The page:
See How a Home Stager Updated a Small 1940s Living Room for 2023

published Nov 24, 2023
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Mustard carpet in vintage wood paneled living room.
Credit: Jordan Saritama

As any seasoned Apartment Therapy reader can attest, bigger isn’t better when it comes to choosing a home. In fact, it’s often petite spaces that are the most appealing because what they lack in square footage, they can more than make up for in coziness and style. Case in point: This petite bungalow in Seattle, Washington. Built in 1942, the two-bedroom, one-bathroom home had never been renovated until recently when it was purchased by a builder. 

The builder did a full remodel of the house plus its adjacent accessory dwelling unit (ADU) which features a kitchen, bedroom, and bathroom. Among the changes were removing dated wallpaper and carpet (bye-bye, mustard yellow living room rug!), widening the doorway between the kitchen and living room to create a more open-concept space, and giving the whole home — stone fireplace included — new lighter, brighter paint.

Credit: Jordan Saritama

With the bungalow essentially a blank canvas, the builder called in the team at Upstaging Seattle to take the space from a 1300-square-foot empty box to somewhere buyers could imagine themselves settling down. Flavia Vigorito, co-owner of Upstaging Seattle, started by considering who the home’s buyer might be. “My vision for this property is directed toward a first-time homeowner — perhaps a bachelor who potentially works from home and is looking to generate additional income by renting out the ADU, or a new family with a child anticipating frequent family visits and in need of extra space to warmly welcome their guests,” she says.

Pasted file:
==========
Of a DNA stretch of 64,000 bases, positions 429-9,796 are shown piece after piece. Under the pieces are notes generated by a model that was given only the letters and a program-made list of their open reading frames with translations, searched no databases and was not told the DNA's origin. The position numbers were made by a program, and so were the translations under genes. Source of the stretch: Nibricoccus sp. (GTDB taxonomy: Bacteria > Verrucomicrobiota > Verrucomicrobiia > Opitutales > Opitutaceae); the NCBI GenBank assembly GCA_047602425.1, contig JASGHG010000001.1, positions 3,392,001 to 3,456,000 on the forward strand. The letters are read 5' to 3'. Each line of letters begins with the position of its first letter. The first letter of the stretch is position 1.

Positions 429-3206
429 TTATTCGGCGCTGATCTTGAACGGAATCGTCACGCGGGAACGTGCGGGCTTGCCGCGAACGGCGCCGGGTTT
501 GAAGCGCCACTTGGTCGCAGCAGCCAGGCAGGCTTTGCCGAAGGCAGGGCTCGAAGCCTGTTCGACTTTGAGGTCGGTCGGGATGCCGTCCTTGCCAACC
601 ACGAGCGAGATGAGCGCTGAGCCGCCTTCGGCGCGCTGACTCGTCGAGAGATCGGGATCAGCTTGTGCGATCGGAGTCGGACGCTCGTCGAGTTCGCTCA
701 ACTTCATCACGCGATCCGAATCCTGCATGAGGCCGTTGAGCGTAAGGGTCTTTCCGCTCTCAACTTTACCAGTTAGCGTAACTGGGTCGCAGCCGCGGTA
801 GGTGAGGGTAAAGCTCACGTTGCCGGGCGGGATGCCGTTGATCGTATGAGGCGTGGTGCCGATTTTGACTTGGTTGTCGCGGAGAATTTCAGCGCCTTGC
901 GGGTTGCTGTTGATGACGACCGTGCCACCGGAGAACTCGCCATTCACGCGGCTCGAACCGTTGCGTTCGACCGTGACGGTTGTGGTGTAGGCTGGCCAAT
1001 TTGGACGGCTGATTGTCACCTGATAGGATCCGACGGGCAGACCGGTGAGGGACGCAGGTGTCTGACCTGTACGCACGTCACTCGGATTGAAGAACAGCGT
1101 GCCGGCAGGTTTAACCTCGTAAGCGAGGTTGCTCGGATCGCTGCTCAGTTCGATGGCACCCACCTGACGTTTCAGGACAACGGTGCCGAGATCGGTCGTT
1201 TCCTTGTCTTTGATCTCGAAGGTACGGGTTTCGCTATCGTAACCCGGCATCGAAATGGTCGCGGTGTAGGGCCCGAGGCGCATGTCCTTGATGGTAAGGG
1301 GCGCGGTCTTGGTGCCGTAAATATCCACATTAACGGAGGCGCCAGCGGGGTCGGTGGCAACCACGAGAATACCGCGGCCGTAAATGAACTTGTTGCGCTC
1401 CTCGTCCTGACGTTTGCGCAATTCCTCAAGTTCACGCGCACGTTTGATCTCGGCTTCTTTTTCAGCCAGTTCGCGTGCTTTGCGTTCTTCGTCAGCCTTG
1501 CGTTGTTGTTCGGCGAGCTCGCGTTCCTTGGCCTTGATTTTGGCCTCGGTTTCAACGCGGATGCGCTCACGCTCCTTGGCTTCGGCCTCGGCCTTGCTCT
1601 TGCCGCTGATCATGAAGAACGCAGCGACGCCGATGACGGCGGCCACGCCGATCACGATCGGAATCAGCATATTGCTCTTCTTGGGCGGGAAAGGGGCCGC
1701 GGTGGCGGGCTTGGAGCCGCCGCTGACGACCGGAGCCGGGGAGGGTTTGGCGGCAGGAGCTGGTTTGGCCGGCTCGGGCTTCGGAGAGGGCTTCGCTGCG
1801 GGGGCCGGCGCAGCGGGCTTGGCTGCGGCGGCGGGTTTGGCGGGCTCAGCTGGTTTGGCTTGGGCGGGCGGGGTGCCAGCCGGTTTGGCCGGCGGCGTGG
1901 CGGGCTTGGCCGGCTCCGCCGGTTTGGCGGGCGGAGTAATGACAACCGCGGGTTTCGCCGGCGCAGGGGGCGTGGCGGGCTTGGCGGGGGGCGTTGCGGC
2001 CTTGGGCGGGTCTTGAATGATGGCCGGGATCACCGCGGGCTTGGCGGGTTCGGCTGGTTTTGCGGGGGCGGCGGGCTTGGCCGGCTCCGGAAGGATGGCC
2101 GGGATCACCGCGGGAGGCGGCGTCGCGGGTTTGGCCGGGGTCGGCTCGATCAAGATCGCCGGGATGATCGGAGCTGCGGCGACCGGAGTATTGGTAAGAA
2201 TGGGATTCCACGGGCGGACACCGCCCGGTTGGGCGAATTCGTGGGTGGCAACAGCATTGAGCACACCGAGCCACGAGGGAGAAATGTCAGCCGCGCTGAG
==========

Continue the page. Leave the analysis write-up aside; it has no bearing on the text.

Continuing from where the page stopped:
With the outdated paneling and icky carpet that was likely to scare off potential buyers out of the house, Vigorito’s goal was to create spaces that showed buyers how the rooms could be arranged but were neutral enough to let them start imagining their own furniture and color schemes there. “Our aim was to ensure that prospective buyers immediately felt a sense of belonging and could establish an emotional connection by assisting them in envisioning the lifestyle this space could provide,” she explains.

Credit: Nathan Brown

In the living room, that meant bringing in furniture to make a comfortable seating area with the fireplace as a focal point. “Emphasizing the fireplace, we strategically arranged furniture to create a conversational area that seamlessly integrated with the kitchen, as the home has an open-concept floor plan,” says Vigorito. When selecting furniture, Vigorito was careful to choose pieces with the right scale for the modest space. “Matching the size of the furniture to the dimensions of the room is essential for creating a visually balanced and harmonious environment,” she says. “Our goal was to cultivate a cozy atmosphere while maintaining a sense of uncluttered openness.” 

Credit: Nathan Brown

Right-sized doesn’t necessarily mean small, though. In fact, putting under-sized furniture in a small room is a common mistake that makes spaces look smaller. Vigorito used a regular-sized sofa plus two chairs and two ottomans in the living room to provide additional seating and a pop of cognac and blue color. “In terms of accessories and decor, we opted for a neutral color scheme to attract a broad audience. However, understanding the targeted younger demographic, we incorporated playful wall baskets to introduce a textural element, adding depth and visual interest to the design,” she says.

In a rough Seattle real estate market, it was a big win to sell this small home for asking price.